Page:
Previously, in relation to the case for which she is now serving seven years in prison, Daemi was released on bail on 15 February 2016 pending appeal. She had been in jail for almost 16 months since her arrest on 21 October 2014 in connection with her human rights work, and was sentenced to 14 years in prison during a brief trial on 14 May 2015. After appeal proceedings on 29 September 2016, the court reduced her punishment on the charge of “insulting the Supreme Leader” from three to two years and the charge of “assembly and collusion against national security” from seven to five years.
Her previous arrest was based on allegedly meeting families of political prisoners, criticising the Islamic Republic on Facebook, and condemning the state’s massacre of political prisoners in 1988. Daemi is well known for her human rights work focused on advocating for the rights of children in Kobane and Gaza, as well as advocating for women’s rights. She was also very vocal in her criticism against capital punishment. See: http://www.gc4hr.org/news/view/1468
GCHR urges the Iranian Revolutionary Court to:
Immediately and unconditionally free Atena Daemi and allow her immediate access to the hospital;
Investigate the use of excessive force used against Atena Daemi and her sisters, during her arrest in November 2016, and overturn the sentences related to this arrest against the three sisters;
Overturn the sentences against Atena Daemi related to her human rights work, and in violation of her right to freedom of expression, as guaranteed by the Universal Declaration of Human Rights; and
Guarantee in all circumstances that human rights defenders in Iran are able to carry out their legitimate human rights activities without fear of reprisals and free of all restrictions including judicial harassment.
The GCHR respectfully reminds the Iranian government that the United Nations Declaration on the Right and Responsibility of Individuals, Groups and Organs of Society to Promote and Protect Universally Recognized Human Rights and Fundamental Freedoms, adopted by consensus by the UN General Assembly on 9 December 1998, recognizes the legitimacy of the activities of human rights defenders, their right to freedom of association and to carry out their activities without fear of reprisals. We would particularly draw your attention to Article 6 (b and c): “Everyone has the right, individually and in association with others: (b) As provided for in human rights and other applicable international instruments, to freely publish, impart or disseminate to others views, information and knowledge on all human rights and fundamental freedoms; (c) To study, discuss, form and hold opinions on the observance, both in law and in practice, of all human rights and fundamental freedoms and, through these and other appropriate means, to draw public attention to those matters”, and to Article 12 (1 and 2): “(1) Everyone has the right, individually and in association with others, to participate in peaceful activities against violations of human rights and fundamental freedoms. (2) The State shall take all necessary measures to ensure the protection by the competent authorities of everyone, individually and in association with others, against any violence, threats, retaliation, de facto or de jure adverse discrimination, pressure or any other arbitrary action as a consequence of his or her legitimate exercise of the rights referred to in the present Declaration.”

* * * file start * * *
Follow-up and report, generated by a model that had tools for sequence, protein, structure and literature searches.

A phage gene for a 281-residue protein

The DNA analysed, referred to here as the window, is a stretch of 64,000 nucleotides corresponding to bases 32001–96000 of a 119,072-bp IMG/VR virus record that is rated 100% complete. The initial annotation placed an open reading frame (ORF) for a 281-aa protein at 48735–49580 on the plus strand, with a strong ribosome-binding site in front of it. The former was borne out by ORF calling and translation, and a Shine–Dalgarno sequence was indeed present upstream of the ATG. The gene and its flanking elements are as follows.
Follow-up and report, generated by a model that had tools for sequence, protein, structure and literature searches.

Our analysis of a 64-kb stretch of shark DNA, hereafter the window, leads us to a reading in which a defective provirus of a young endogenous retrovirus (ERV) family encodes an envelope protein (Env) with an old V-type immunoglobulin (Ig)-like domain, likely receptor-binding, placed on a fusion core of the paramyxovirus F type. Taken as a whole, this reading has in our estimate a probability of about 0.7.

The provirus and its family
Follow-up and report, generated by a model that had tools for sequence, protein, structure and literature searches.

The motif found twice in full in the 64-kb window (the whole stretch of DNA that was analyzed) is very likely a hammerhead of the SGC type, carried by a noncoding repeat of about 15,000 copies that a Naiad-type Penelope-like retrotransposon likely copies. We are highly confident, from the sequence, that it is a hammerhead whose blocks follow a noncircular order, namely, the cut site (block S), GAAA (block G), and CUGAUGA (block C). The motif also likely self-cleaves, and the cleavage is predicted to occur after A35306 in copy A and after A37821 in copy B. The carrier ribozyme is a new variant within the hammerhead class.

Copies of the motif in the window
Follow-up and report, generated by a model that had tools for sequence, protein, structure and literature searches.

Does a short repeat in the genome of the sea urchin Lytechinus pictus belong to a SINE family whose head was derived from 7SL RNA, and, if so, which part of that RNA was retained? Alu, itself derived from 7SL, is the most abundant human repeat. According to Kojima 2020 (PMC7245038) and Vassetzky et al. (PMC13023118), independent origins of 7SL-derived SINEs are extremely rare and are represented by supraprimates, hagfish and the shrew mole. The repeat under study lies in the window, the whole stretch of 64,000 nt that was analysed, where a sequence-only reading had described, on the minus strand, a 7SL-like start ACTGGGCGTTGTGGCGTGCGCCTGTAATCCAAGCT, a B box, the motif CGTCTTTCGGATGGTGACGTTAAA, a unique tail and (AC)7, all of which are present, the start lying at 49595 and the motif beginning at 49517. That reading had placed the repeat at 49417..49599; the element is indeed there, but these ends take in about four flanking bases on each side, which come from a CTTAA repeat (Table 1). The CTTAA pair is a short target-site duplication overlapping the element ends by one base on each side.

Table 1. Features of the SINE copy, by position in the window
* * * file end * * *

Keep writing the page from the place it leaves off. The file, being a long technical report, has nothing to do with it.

Source: Gulf Center of Human Rights – 29-5-2017